"Oncologist Joe can prescribe any opioid that he or she would like to for the patient. The only thing it requires is a little more discipline in the execution of providing that medication," said Dr. Palmer Mackie, director of the Integrative Pain Program at Eskenazi Health.
No one disputes that there's a need for greater oversight of pain medications.
About 15 years ago, doctors started considering pain as the fifth vital sign, taking it more seriously. However, as they increasingly relied on drugs to handle patients' pain, Meier said, they often failed to warn patients about keeping these drugs out of the hands of those who would misuse them.
Painkillers grew in popularity as recreational drugs. Today more people abuse prescription drugs than cocaine, heroin, hallucinogens and inhalants combined.
But the question is whether amending doctors' practices will put more than a dent in the problem, Meier said. She argues that doctors need far better education on how and when to prescribe these drugs than they currently receive.
"The people being punished are the people with legitimate medical reasons for pain," she said. "There are plenty of other streams we're not cutting off."
Indiana is taking a multipronged approach to the problem, others note. Zoeller and the Indiana Prescription Drug Abuse Prevention Task Force last week launched a website to educate the public about the dangers of prescription medicines.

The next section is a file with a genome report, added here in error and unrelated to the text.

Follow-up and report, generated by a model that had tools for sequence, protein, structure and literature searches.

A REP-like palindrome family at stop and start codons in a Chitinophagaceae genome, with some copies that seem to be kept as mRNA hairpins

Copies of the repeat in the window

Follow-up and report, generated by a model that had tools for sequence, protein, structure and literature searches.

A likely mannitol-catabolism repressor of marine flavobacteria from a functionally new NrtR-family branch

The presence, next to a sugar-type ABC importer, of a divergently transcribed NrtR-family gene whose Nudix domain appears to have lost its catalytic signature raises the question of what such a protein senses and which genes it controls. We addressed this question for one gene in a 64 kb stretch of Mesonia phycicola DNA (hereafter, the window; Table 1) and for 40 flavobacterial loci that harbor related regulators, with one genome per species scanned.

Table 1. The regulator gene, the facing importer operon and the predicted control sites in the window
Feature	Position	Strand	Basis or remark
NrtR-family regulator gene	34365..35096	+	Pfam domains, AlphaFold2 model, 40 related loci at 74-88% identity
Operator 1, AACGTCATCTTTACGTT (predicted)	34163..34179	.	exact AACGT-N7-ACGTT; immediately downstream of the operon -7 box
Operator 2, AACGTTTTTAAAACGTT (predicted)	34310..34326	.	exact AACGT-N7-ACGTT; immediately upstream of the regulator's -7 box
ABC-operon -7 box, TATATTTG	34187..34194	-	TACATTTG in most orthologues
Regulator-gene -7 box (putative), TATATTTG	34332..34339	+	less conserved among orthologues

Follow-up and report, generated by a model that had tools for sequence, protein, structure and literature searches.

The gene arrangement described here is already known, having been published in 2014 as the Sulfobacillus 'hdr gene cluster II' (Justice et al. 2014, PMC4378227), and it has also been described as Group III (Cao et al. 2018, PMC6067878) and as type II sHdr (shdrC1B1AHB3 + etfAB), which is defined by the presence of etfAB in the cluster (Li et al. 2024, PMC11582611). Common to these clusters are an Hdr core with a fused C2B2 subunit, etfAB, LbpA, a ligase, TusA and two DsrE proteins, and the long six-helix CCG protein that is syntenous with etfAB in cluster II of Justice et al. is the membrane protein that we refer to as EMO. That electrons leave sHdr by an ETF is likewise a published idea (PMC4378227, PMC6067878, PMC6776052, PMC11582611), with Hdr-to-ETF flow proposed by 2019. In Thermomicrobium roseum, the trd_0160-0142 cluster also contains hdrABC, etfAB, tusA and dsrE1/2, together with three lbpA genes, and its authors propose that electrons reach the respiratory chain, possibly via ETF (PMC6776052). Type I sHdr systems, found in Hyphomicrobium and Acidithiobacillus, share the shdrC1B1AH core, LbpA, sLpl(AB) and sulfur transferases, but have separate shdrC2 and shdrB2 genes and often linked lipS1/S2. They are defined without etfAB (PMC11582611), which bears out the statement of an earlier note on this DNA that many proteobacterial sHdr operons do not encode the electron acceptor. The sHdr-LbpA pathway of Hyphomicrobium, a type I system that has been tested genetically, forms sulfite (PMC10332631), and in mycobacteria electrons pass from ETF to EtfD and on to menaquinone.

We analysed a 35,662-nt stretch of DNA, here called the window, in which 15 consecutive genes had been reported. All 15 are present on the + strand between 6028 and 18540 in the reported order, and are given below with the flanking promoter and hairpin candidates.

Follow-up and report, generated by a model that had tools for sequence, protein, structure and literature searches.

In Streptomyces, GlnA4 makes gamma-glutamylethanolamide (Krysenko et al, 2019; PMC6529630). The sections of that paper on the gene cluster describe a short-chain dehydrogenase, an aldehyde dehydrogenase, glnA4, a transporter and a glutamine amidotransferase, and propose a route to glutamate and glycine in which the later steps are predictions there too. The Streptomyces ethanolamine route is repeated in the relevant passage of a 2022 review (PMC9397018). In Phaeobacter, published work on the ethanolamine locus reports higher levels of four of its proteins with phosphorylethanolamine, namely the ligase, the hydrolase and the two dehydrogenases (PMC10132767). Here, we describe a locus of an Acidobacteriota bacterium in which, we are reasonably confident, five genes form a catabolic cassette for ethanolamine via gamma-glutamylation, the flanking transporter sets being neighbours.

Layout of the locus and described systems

Doctors, for instance, need to do a better job of teaching patients how to use these medicines responsibly, said Tracy Brooks, a pharmacist with the palliative care pharmacy at Parkview Regional Medical Center in Fort Wayne and a member of the education subcommittee of the Safe Prescribing Task Force for Indiana, which helped develop the new guidelines.
Patients often receive prescriptions for more painkillers than they use. Then when a friend has a minor pain, the first person passes along a few pills.
Or a teen or someone else may raid that original patient's medicine cabinet, pocketing the pills and either using them recreationally or selling them on the street, netting a nice profit, Zoeller said.
Asking doctors to take a few more steps to ensure that neither of these scenarios occurs is not unreasonable, Brooks said.
"We're not really asking these physicians to jump to the moon," she said. "We are asking them to do what I consider standard of practice."
Shari Rudavsky, The Indianapolis Star